Stray was riveted. “Did you see it?”
“It was a shade hare,” Edzie answered cautiously. “I think it went into those trees.”
“Probably its warren,” Boyle observed.
Reduced to the softest of whispers, the three planned a strategic approach. Stray would go first, taking a long route along the back of the grove, and Boyle would approach from the right side. Stray would flush it out, and Boyle would box it in if it came his way, herding it toward Edzie. Edzie hoped that she could get close enough to skewer it as it crossed her path. She borrowed Boyle’s spear, which seemed more appropriate for this task, and gave him her katsun as collateral. She and Stray decided on a sign, so she could notify him when she was ready.
The maneuver was executed with care and precision – Stray stalked around the rear of the trees, seeming to take forever as far as Edzie and Boyle were concerned – and by the time he was approaching from the opposite side, Edzie was poised to throw. Boyle and Stray both hesitated, standing perfectly still in their positions, watching for Edzie to make her sign.
Finally, she gave it, and Stray let out a war cry and charged at the amberwood trees. They were right about the shade hare hiding within, and it burst forth in a panic, but it saw Edzie before it got anywhere near her. Fully a dozen paces from her position, it veered hard into the gap between Stray and Edzie, making for the clear field in the distance. Edzie barely had a second, but she cast the spear in the hare’s direction anyway. The three hunters watched it sail through the air, disappear into the weeds, and – they could only assume – flop ineffectually to the ground.
The three hunters reconvened, and after a couple minutes of searching, they found the spear. There was no rabbit, but miraculously, the spear had a tuft of hair stuck along one edge, and there might have been a spatter of blood in the ground (though Boyle thought it was just some darker dirt).
Edzie and Boyle were disappointed, but not defeated, and Stray was actually marginally encouraged, having suspected that their hunting excursion might be completely futile. They decided, for the moment, they would head for the river without taking any more detours, but Edzie insisted they set a snare trap first, on the off-chance that the rabbit might come back to the grove after they left. She found what looked like a small nest – no young, but a carefully-crafted little bed of chewed-up grass and twigs – and she set the trap around it, doing her best to keep her fingers off the nest itself. She used two amberwood twigs as stakes and constructed a delicate trigger between them; looping Gransa’s cord into a noose, she fastened the other end to one of the low-hanging amberwood branches and pulled it taut. She gathered a few small berries from the shade of the amberwood trees, and added these to the nest, hoping to sweeten the lure.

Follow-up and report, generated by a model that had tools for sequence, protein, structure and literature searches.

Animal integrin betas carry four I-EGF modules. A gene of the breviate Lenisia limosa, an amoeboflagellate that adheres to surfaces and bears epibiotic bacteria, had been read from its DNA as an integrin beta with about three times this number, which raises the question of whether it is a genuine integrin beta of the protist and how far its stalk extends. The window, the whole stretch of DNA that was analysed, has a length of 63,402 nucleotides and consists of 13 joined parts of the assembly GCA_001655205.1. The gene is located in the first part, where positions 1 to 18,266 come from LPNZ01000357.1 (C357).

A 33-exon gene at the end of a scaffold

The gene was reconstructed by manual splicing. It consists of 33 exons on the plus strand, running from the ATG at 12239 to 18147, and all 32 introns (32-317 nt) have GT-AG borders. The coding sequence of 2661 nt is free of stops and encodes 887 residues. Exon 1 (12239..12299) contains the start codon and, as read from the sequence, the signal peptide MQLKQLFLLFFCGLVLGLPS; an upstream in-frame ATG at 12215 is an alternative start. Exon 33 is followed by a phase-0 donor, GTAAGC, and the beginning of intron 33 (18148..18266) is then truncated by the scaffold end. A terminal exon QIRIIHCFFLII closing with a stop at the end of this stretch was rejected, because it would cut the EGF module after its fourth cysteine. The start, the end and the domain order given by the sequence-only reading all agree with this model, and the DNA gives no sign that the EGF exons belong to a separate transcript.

This process, which was supposed to be quick, took her more than an hour, and by the time the hunters left for the river, they were all privately preoccupied with their growing hunger.
The next tree-line concealed a short, severe rock face, whose shale had been worn away by running water, creating a shelf in the shade of the orebark trees. Under this rise, which only extended about fifteen feet above them, the hunters cleared a space to eat their blusterwheat bread and fleurberries. The victuals were simple, barely the skeleton of a Denorian breakfast, but it was welcome after their long trek across the settlement's peripheral fields. They had gone perhaps twelve kilometers, and the dawn had turned to late morning, and then early afternoon.
There was a short dispute over who got which piece of bread, but once they loosened their brivsas to eat, both Stray and Boyle went quiet, and Edzie felt compelled to fill the silence. In searching for a suitable topic of mealtime conversation, her mind returned to that morning in Boyle's house, when she had cheekily interrupted his private pursuit. Between bites of bread, she floated this as a possible topic.
“So that thing you do… the canvas-marking…”
“Drawing,” Boyle said. “That’s what my dad calls it. He learned about it while he was away from the tribe, before I was born.”